The Middle Distance race starts with a 1.2-mile swim in the calm waters of Lake Lloyd, within sight of the track.

The water is clean, its not so deep and a lot of people already made swim sessions on that Lake.
Please take a look on the Rowdy Gaines video about the water. He is a 3 times Olympic Gold medal and has a lot to say about the water:

Generally, Lake Lloyd hovers between 68-72 degrees Fahrenheit. If that holds true on race day, it will be a wetsuit-legal swim. Conditions can vary, of course, and the final call will be made on race morning. We follow the USAT rulebook, which states the following:

Each age group participant shall be permitted to wear a wet suit without penalty in any event sanctioned by USA Triathlon up to and including a water temperature of 78 degrees Fahrenheit. When the water temperature is greater than 78 degrees, but less than 84 degrees Fahrenheit, age group participants may wear a wet suit at their own discretion, provided however that participants who wear a wet suit within this temperature range shall not be eligible for prizes or awards. Age group participants shall not wear wet suits in water temperatures equal to or greater than 84 degrees Fahrenheit. The wetsuit policy for elite athletes shall be determined by the USAT Athletes Advisory Council. The AAC has set the wetsuit maximum temperature for elite athletes at 68 degrees for swim distances less than 3000 meters and 71.6 degrees for distances of 3000 meters or greater. Any swimmer wearing a wetsuit with a thickness measured in any part greater than 5 millimeters shall be disqualified.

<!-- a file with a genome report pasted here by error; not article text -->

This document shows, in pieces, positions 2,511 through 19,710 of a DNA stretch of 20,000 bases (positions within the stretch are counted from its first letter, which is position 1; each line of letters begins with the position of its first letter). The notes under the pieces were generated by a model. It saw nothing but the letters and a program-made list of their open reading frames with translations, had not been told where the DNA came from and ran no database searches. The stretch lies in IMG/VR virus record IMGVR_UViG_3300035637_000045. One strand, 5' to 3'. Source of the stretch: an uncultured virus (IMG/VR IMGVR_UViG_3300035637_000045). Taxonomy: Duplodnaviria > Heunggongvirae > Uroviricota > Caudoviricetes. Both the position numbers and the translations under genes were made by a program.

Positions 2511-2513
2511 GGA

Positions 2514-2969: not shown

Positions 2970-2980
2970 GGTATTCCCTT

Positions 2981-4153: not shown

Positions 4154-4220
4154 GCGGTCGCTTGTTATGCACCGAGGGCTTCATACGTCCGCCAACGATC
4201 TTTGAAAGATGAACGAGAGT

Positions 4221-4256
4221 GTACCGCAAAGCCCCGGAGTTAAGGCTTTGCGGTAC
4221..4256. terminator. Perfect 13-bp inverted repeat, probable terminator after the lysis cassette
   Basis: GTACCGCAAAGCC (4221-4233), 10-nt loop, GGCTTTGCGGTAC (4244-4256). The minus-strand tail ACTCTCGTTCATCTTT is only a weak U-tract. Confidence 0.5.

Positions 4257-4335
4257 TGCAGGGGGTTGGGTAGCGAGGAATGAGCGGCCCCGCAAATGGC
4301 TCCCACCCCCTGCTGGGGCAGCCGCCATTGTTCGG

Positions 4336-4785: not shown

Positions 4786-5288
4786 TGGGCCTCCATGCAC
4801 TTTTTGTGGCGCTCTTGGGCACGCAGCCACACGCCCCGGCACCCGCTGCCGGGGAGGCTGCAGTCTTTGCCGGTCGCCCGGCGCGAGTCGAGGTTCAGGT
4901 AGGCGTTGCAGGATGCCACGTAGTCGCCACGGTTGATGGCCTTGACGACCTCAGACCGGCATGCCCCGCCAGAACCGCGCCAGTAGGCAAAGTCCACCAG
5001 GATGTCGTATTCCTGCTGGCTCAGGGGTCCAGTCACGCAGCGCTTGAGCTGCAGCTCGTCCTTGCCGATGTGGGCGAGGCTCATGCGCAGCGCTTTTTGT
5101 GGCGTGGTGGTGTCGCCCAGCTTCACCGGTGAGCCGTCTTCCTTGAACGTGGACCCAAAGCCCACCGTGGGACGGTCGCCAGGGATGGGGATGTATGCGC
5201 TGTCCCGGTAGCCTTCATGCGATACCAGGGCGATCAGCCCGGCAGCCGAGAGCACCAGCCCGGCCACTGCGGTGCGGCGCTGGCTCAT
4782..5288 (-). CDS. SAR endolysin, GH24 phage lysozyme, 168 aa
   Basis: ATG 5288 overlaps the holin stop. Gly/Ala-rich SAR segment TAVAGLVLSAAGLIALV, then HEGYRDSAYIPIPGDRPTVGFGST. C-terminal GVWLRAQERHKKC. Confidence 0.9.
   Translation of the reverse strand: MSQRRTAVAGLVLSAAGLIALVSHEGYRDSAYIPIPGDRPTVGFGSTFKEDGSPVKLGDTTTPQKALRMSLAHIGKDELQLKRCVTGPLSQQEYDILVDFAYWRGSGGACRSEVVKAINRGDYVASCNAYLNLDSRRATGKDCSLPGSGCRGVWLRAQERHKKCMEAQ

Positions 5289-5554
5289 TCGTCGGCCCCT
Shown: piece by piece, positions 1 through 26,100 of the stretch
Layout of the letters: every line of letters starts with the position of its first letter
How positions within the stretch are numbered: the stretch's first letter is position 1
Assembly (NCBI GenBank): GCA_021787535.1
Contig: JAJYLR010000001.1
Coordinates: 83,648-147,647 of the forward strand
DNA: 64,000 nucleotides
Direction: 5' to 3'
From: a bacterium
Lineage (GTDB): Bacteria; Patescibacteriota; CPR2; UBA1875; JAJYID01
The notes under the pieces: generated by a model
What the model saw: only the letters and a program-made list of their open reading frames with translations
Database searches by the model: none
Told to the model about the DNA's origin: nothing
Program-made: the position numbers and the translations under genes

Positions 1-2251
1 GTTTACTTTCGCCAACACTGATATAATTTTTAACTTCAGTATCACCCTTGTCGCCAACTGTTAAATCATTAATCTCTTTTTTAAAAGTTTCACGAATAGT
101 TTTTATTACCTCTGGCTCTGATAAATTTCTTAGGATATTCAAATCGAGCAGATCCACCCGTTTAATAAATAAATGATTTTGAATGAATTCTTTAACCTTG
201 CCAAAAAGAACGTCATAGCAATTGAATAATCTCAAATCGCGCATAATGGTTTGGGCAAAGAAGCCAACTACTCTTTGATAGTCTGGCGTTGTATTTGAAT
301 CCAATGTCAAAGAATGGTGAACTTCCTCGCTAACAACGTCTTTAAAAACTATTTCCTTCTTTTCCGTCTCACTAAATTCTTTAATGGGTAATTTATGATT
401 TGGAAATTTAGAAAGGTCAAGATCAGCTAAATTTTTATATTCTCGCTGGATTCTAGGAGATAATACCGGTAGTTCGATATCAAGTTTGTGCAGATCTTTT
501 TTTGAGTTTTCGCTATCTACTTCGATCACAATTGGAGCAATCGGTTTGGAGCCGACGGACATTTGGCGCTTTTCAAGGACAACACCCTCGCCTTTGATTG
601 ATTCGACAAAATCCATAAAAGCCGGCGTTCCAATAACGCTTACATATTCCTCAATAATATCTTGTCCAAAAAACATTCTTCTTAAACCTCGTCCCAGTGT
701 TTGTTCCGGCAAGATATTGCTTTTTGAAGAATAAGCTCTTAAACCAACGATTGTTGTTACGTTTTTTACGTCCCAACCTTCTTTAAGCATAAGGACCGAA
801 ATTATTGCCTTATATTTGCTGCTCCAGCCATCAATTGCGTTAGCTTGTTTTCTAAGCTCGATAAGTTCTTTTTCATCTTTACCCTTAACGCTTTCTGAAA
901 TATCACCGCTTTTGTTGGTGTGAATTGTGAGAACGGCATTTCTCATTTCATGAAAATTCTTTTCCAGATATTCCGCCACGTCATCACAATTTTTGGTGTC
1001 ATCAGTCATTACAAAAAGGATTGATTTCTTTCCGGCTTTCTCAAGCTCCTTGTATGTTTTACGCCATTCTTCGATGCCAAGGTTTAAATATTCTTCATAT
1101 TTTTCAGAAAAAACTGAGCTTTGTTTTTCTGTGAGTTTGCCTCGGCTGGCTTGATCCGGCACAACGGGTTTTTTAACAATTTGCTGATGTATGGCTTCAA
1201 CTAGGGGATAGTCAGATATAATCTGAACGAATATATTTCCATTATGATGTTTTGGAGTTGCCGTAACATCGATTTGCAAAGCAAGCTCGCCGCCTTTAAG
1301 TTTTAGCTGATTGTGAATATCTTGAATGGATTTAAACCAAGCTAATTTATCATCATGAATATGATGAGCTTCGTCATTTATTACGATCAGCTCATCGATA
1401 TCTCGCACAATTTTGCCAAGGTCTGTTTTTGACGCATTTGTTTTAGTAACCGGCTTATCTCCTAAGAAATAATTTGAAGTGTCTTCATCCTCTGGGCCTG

Our advice? Pack your wetsuit!

After a quick transition, you’ll enjoy an unprecedented opportunity to race a lap around Daytona International Speedway by bike.

Next, you’ll leave the circuit via one of the north exit tunnels, a narrow tunnel with a drop and rise that will send you off onto the course like a rocket. You’ll complete a circuit on roads named after celebrated NASCAR drivers, passing alongside the famous aerospace school, just meters away from the major runways at Daytona International Airport. At the end of the 56-mile course, you’ll turn back at Daytona International Speedway to prepare for your run.

Finally, it’s time for a half marathon like you’ve only imagined—four laps around the historic Daytona International Speedway track. Maybe you won’t hit the speeds that NASCAR drivers clock, but it’s sure to be a fast run, fueled by the enthusiasm and energy of the crowds. It’s also sure to be an experience you’ll never forget!

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